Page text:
I know the owner fears that cleaning up the mess-makers’ pots will encourage more mess-making, but everyone else saw the superior effect of the other policy, and clearly his standoffish response is creating the opposite of what he wants.

Your own policies — not just your positions on public issues, but your established ways of responding to undesirable behavior from others — do they make sense? Or are they just emotional responses that don’t really help anything? Maybe your message is clear, but so what? Does it make a difference, that’s what matters.

When people do things you wish they wouldn’t do, how do you respond? And what happens as a result? Those two questions can dislodge some long-standing messes. Often we get attached to a particular approach because it satisfies our emotional response, but that doesn’t mean it actually helps you or anybody else.

Is there a big greasy mess somewhere in your life that could use a fresh approach?

R

Photo by blmurch


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{ 25 Comments }

Hayden Tompkins April 22, 2010 at 7:13 am

I’m just curious… Did you ever consider cleaning the wok, er, pile of dishes? Did any of the other hostel guests? If not, is that any different than the stance the owner took?

Although, according to “Hitchhiker’s Guide to The Galaxy” that pile of dishes should have been an SEP (“Someone Else’s Problem) and therefore ‘invisible’!

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David April 22, 2010 at 3:39 pm

Yes, I did when I arrived. I used to always clean the one I wanted to use, then a few more while my meal cooked. I reasoned that eventually I’d make in through the pile. But new pots and pans appeared every day and it was clear I was not getting anywhere.

And maybe the guests did take on the same stance (SEP) but no matter how they respond they do not get to decide the hostel’s policy on cleaning pots and pans, unless they are willing to clean the kitchen every single day — which is a bit ridiculous, given that the guests are the ones paying for reasonable hostel services. Even if someone was that keen, they are just a guest, and as soon as they checked out, it would reappear.

Whether the filthy pile exists still comes down to the policy decision by the owner. No matter how many times a good samaritan guest cleans them, there will always be a few pots left out, and the owner would always put them in the corner, unless he decides not to let it accumulate.

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Cole April 22, 2010 at 8:49 am

It’s true, punishment can be observed to be ineffective in a wide variety of situations – e.g., the penal system, child-rearing, employee performance management, post-war reparations…

Still, the differences between American society and the society in Holland are many, which would make it difficult to assess the kinds of changes we would observe if Holland’s drug laws were transplanted to the States.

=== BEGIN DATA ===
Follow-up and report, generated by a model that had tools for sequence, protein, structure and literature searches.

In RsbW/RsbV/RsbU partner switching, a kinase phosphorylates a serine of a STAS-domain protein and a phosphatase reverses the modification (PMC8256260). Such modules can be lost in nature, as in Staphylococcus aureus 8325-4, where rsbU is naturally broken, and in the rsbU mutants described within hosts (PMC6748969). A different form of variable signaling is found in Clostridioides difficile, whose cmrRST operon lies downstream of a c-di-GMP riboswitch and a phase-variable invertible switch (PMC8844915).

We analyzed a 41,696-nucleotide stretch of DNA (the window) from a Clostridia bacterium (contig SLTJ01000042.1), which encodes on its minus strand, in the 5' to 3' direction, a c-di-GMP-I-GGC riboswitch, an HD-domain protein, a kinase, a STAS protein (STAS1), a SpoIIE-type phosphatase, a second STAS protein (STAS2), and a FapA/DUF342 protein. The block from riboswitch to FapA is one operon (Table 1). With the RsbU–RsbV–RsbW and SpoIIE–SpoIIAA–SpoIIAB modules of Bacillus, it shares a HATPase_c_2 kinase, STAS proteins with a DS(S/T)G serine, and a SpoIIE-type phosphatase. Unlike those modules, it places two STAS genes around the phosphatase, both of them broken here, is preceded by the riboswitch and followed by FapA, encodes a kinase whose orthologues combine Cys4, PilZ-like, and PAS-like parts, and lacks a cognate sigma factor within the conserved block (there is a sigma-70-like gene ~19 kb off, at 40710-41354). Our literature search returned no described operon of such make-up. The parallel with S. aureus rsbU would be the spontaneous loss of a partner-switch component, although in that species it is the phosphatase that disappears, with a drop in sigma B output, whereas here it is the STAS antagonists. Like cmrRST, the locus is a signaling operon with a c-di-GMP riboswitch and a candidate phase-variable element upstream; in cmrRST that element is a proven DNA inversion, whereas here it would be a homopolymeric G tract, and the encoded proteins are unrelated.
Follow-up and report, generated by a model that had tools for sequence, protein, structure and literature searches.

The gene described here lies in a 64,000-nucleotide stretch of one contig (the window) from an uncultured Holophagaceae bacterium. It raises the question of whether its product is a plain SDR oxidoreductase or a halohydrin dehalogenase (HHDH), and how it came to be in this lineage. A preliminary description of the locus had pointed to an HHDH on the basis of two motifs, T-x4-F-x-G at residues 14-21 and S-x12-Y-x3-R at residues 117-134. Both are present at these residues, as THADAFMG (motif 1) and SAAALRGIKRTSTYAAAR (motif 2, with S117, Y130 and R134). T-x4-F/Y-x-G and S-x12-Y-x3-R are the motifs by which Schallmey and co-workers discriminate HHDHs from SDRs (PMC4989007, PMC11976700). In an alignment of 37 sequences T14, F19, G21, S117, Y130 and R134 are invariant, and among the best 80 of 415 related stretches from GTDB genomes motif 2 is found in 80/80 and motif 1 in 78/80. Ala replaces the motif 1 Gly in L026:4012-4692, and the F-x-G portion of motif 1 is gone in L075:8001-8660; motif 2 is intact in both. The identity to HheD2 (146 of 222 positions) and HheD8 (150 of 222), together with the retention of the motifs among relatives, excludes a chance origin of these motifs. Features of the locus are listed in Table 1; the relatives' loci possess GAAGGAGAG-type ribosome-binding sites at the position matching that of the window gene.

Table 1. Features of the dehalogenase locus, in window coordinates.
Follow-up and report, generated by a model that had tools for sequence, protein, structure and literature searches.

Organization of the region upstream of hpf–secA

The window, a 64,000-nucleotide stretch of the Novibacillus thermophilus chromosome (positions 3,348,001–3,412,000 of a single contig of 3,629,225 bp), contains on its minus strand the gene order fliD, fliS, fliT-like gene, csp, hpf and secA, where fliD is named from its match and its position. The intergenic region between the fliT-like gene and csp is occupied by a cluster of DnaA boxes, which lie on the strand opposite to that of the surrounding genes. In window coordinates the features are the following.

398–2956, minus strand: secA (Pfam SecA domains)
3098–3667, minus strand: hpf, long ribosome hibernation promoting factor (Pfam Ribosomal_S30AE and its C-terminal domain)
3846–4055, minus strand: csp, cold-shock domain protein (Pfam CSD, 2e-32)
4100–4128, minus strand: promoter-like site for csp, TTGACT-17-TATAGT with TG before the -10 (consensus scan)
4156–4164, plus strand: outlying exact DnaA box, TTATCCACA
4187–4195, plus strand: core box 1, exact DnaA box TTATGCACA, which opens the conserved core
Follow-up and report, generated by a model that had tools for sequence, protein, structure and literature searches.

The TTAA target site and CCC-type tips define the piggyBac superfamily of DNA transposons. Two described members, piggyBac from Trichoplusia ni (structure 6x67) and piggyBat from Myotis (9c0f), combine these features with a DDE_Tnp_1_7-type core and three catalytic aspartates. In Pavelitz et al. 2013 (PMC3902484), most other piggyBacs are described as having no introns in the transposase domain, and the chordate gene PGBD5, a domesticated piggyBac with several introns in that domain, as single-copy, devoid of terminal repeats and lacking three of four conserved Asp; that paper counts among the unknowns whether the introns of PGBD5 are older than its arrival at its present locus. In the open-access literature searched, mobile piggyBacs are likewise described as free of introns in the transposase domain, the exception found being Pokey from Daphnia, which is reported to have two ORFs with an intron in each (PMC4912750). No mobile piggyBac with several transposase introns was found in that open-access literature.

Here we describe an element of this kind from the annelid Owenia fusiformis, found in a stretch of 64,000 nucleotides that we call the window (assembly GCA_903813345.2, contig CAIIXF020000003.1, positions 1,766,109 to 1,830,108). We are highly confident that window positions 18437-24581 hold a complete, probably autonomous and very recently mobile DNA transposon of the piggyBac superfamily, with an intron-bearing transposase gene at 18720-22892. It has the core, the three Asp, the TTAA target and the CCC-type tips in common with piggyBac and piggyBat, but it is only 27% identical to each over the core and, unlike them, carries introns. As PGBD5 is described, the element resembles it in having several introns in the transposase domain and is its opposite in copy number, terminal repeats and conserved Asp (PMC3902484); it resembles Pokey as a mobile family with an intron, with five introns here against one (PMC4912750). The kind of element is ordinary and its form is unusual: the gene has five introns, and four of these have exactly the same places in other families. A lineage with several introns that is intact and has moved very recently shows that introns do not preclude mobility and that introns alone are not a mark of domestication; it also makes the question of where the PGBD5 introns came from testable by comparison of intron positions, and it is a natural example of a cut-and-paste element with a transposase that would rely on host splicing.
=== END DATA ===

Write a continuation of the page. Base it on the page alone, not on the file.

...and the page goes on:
Thanks for a thought-provoking article.

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David April 22, 2010 at 3:55 pm

Hi Cole. That is true, there are obviously other factors at play. I kept them outside the scope of the article, because I think the ineffectiveness of US drug policy is quite obvious. As for transplanting them, yes the results would be unpredictable. Policy doesn’t usually change so dramatically though, it evolves.

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Chelsea April 22, 2010 at 2:26 pm

This is this first time I’ve heard of the “Broken Window” theory, and it makes absolute sense! You can ask my bedroom!

When the owner first came back and the place was clean, did people start cleaning up after themselves? Or did they not do it because the owner (with what seems to be a bit of a bitter attitude) was back? Or did the owner’s lack of helping in cleaning up allow it to snowball again? Also, has the owner said anything directly about people cleaning up? I’m currently training for management at my job, and I usually tell people things directly and honestly (althought I’ve been told I’m still a bit too timid in my approaches). But I also found that to be the best way to get things done, straight and simple. I guess doing it that way may or may not offend people, and I -have- found that sometimes people take it as an option and not a command, but I think its easier than almost playing games with people, putting them in (messy) situations and seeing how they react.

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David April 22, 2010 at 4:04 pm

Hi Chelsea.

I don’t know exactly what happened in the hours after the owner returned.

The owners have made remarks (and posted signs) about how poorly the guests seem to clean up, and it sounds like there is quite a history of it.